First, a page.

BISHOP ULLATHORNE CATHOLIC SCHOOL
AND HUMANITIES COLLEGE
The Admissions process is part of the Coventry Local Authority Co-ordinated Scheme.
The Admission Policy of the Governors of Bishop Ullathorne Catholic School is as follows:-
The ethos of this school is Catholic. The school was founded by the Catholic Church to provide education for children of Catholic families. The school is conducted by its governing body as part of the Catholic Church in accordance with its Trust Deed and Instrument of Government and seeks at all times to be a witness to Jesus Christ. We ask all parents applying for a place here to respect this ethos and its importance to the school community. This does not affect the right of parents who are not of the faith of this school to apply for and be considered for a place here.
The school’s Admission Number for the school year beginning in September 2011 is 180.
If the number of applications exceeds the admission number, the governors will give priority to applications in accordance with the criteria listed, provided that the governors are made aware of that application before decisions on admissions are made.
In all categories, priority will be given to those who have a brother or sister attending Bishop Ullathorne Catholic School at the time of admission.
[The Criteria should be read in conjunction with the explanatory notes overleaf]
1. Baptised Catholic children who are in the care of a local authority (looked-after children) or provided with accommodation by them (e.g. children with foster parents). (Section 22 of the Children Act 1989).
2. Baptised Catholic children who currently attend a Catholic ‘feeder’ school (see Notes 3 and 4).
3. Other baptised Catholic children.
4. Non-Catholic children who are in the care of a local authority (looked after children) or provided with accommodation by them (e.g. children with foster parents). (Section 22 of the Children Act 1989).
5. Non-Catholic children who currently attend a Catholic ‘feeder’ school.
6. Other non-Catholic children.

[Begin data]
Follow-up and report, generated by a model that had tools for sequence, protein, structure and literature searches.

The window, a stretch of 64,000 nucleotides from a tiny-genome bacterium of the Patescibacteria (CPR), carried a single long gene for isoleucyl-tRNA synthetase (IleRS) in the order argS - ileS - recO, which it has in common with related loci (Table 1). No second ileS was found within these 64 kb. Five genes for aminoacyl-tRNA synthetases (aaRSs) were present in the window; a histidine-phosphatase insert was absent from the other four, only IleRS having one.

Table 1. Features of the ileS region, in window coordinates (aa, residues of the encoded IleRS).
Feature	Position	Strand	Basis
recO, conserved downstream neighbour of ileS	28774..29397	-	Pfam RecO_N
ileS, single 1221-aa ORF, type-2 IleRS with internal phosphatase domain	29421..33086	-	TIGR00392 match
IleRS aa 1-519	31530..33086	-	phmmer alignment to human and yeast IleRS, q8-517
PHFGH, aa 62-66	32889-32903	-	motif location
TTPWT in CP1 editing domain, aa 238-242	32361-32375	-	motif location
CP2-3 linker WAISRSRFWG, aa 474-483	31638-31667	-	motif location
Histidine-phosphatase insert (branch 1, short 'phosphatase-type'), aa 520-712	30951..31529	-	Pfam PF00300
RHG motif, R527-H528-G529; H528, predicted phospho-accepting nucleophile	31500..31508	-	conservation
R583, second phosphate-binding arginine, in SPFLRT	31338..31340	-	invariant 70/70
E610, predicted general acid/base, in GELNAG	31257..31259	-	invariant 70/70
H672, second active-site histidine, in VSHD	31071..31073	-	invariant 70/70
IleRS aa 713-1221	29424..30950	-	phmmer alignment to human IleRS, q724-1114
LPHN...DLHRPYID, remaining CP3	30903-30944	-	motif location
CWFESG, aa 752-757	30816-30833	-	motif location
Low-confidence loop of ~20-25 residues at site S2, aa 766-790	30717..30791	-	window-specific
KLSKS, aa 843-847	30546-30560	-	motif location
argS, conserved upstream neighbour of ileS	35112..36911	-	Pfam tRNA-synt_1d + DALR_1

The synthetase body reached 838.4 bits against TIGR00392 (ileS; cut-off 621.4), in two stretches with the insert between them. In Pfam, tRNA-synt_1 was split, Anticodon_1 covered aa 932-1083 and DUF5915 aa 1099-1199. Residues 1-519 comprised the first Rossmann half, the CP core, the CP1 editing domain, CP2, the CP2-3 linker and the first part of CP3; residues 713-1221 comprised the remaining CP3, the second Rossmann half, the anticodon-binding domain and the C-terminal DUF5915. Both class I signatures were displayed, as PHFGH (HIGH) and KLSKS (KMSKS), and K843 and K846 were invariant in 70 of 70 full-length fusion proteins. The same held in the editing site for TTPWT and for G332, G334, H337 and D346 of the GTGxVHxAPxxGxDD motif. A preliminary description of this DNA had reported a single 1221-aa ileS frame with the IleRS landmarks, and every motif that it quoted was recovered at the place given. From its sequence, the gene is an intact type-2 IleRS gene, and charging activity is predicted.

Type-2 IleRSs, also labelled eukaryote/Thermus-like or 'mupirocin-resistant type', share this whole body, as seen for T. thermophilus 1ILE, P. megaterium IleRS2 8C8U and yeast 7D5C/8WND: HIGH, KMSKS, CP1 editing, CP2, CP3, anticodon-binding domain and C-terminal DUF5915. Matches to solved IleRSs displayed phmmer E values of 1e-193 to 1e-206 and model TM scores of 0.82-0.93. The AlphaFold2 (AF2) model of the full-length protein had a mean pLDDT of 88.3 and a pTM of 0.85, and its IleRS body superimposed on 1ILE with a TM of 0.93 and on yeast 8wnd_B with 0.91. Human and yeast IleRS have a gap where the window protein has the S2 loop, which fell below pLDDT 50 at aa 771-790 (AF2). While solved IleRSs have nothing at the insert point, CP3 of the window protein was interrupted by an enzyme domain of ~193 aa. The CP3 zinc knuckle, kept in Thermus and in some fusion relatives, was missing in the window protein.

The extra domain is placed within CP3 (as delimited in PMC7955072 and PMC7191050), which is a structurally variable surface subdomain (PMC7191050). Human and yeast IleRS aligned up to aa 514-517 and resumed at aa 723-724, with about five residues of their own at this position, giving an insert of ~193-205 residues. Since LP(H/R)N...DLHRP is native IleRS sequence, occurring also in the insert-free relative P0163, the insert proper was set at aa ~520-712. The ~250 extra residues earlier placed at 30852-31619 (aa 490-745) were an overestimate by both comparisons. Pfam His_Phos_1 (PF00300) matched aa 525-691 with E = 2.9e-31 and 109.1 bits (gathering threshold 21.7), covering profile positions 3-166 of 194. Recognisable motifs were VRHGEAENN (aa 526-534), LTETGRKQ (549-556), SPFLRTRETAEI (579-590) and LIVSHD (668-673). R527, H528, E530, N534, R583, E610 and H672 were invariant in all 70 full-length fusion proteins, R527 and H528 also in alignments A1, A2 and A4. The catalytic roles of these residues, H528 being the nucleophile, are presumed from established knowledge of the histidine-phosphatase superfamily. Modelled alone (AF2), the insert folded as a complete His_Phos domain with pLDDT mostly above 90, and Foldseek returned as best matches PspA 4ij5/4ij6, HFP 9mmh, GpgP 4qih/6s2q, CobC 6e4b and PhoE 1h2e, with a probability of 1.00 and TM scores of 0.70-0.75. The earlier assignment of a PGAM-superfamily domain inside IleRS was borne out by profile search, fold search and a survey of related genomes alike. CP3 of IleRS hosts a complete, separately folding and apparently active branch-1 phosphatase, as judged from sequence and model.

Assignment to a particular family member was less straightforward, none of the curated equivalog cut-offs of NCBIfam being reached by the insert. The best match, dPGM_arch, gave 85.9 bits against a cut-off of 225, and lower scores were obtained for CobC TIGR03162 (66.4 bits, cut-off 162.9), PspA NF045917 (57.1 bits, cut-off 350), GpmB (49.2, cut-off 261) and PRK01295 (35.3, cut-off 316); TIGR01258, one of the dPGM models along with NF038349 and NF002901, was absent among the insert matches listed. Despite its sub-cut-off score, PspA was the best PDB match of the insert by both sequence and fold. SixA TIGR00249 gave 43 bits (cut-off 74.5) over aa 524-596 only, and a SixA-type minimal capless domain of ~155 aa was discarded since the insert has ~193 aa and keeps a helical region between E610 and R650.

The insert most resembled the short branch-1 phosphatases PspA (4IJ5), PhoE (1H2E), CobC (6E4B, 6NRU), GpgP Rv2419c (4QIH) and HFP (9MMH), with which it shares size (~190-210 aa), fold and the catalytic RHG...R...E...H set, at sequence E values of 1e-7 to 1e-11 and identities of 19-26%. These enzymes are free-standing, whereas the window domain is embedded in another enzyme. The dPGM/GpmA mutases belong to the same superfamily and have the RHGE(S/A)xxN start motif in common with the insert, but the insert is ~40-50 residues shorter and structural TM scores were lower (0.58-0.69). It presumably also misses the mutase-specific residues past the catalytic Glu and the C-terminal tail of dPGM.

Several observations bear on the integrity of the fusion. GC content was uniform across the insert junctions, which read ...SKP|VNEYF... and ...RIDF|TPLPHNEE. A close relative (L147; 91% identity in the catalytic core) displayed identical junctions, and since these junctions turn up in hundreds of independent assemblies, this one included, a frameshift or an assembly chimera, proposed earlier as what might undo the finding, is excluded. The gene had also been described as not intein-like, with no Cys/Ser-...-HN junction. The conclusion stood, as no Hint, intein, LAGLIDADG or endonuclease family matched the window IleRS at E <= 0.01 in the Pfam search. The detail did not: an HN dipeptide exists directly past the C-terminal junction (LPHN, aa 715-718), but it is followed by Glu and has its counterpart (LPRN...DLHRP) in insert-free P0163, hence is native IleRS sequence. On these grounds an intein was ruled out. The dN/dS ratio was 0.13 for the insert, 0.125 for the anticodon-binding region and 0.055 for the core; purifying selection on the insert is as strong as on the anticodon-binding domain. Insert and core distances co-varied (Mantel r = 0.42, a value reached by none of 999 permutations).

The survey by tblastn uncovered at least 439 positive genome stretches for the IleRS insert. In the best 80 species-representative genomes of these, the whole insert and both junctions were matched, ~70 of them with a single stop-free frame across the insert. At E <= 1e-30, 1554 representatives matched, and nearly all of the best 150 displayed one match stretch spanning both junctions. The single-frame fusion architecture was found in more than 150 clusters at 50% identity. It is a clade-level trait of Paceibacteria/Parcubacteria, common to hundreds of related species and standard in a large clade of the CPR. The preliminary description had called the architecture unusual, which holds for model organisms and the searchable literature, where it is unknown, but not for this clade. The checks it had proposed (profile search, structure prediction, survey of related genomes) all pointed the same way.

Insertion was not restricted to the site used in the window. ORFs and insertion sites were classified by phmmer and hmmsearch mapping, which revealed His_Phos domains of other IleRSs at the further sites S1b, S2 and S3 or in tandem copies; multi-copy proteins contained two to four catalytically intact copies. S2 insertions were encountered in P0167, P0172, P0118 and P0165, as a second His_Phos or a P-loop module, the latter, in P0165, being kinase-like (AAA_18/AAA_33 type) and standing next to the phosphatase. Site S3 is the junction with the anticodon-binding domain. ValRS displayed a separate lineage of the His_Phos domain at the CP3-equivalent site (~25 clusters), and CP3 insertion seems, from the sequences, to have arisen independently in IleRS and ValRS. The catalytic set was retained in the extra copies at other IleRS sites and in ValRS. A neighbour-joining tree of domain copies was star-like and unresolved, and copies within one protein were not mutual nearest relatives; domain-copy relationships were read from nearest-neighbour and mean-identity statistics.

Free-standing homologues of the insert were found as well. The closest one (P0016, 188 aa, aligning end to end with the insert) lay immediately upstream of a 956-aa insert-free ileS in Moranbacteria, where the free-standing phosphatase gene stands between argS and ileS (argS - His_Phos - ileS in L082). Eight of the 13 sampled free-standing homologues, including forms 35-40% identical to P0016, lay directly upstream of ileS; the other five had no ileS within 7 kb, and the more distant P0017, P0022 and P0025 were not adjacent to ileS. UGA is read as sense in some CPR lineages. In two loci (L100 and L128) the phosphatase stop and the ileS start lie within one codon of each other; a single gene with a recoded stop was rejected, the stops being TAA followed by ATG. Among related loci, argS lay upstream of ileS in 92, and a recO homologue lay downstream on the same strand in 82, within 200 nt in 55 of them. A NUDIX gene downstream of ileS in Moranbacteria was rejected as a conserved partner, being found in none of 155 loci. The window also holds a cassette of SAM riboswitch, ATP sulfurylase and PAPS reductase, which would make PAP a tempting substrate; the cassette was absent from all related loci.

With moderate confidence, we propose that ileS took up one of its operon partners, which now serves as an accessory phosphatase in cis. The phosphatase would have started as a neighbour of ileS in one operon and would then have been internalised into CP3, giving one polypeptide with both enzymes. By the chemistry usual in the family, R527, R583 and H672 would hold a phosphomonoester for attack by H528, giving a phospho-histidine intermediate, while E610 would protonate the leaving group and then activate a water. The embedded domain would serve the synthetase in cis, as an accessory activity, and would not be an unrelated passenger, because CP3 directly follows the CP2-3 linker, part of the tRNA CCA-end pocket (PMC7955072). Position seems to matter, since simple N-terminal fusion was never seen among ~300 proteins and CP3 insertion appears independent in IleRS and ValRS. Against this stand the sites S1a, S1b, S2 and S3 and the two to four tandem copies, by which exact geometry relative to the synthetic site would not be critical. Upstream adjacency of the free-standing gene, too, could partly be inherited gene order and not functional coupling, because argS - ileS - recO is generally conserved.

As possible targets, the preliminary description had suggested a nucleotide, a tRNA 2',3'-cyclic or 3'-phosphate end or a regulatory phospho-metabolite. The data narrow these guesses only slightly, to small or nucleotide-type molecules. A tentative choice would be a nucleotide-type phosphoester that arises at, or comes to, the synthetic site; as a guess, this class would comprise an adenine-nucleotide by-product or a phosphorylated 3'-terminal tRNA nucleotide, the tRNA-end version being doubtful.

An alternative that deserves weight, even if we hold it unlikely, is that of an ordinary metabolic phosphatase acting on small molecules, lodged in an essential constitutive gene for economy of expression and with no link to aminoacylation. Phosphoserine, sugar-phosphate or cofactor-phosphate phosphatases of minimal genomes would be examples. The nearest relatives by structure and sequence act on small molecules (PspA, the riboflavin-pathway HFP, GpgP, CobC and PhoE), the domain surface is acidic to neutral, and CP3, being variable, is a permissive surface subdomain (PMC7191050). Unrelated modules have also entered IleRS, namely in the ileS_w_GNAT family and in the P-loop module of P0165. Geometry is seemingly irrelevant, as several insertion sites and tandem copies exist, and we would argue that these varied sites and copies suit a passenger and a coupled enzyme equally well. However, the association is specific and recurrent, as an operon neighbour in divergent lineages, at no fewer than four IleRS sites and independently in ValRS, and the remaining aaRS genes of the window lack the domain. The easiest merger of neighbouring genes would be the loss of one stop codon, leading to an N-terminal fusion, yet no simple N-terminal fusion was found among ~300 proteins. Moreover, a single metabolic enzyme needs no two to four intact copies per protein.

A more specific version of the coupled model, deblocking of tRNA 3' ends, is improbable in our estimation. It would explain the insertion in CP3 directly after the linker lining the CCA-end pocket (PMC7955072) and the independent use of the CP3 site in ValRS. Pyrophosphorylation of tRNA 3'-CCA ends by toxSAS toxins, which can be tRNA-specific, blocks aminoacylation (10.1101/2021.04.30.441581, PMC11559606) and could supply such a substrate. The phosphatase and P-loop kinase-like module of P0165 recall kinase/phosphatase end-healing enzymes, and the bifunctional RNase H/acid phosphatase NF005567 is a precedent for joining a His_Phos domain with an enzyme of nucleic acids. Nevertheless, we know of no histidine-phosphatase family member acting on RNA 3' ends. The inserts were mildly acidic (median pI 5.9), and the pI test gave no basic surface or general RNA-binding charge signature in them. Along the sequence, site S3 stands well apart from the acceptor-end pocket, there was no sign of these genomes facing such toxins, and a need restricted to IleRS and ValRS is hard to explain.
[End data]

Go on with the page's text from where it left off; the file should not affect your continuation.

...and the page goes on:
If there is over-subscription within a category, the Governors will give priority to children living closest to the school, determined by shortest straight line distance, measured from the centre of the child’s home address to the centre of the school site (see Note 5).
In a very small number of cases, it may not be possible to decide between the applications of those pupils who are the final qualifiers for a place (eg children who live at the same address or have the same distance measurement). If there is no other way of separating the applications according to the admission criteria and to admit both or all of the children would cause the legal limit to be exceeded, the local authority will advise the school if there is a tie for the final place and the governors can draw lots to decide which child is allocated the place.
Children with a Statement of Special Educational Needs that names the school must be admitted. This will reduce the number of places available to applicants.
The definition of a brother or sister is:
§ A brother or sister sharing the same parents;
§ A half-brother or half-sister, where two children share one common parent;
§ A step-brother or step-sister, where two children are related by a parent’s marriage;
§ Adopted or fostered children.
The children should be in permanent residence at the same address.
In all categories, for a child to be considered as a Catholic, evidence of Catholic Baptism or Reception into the Church will be required. For a definition of Baptised Catholic see the Appendix. Those who face difficulties in producing written evidence of Baptism should contact their Parish Priest. Failure to provide evidence of Baptism may affect the criterion the child’s name is placed in.
The designated Catholic ‘feeder’ schools for Bishop Ullathorne Catholic School are:-
St. Thomas More, St. John Vianney, St. Mary & St. Benedict, St. Anne’s, Our Lady of the Assumption and All Souls.
The home address of a pupil is considered to be the permanent residence of a child. The address must be the child’s only or main residence. Documentary evidence may be required. Where care is split equally between mother and father, parents must name which address is to be used for the purpose of allocating a school place.
Parents who wish to appeal against the decision of the Governors to refuse their child a place in the school may apply in writing to the Chair of Governors, c/o Bishop Ullathorne Catholic School, Leasowes Avenue, Coventry CV3 6BH. Appeals will be heard by an independent panel.
Unless there are significant and material changes in the circumstances of a parent’s application for their child or the school, the governors will not consider a repeat application in the same academic year.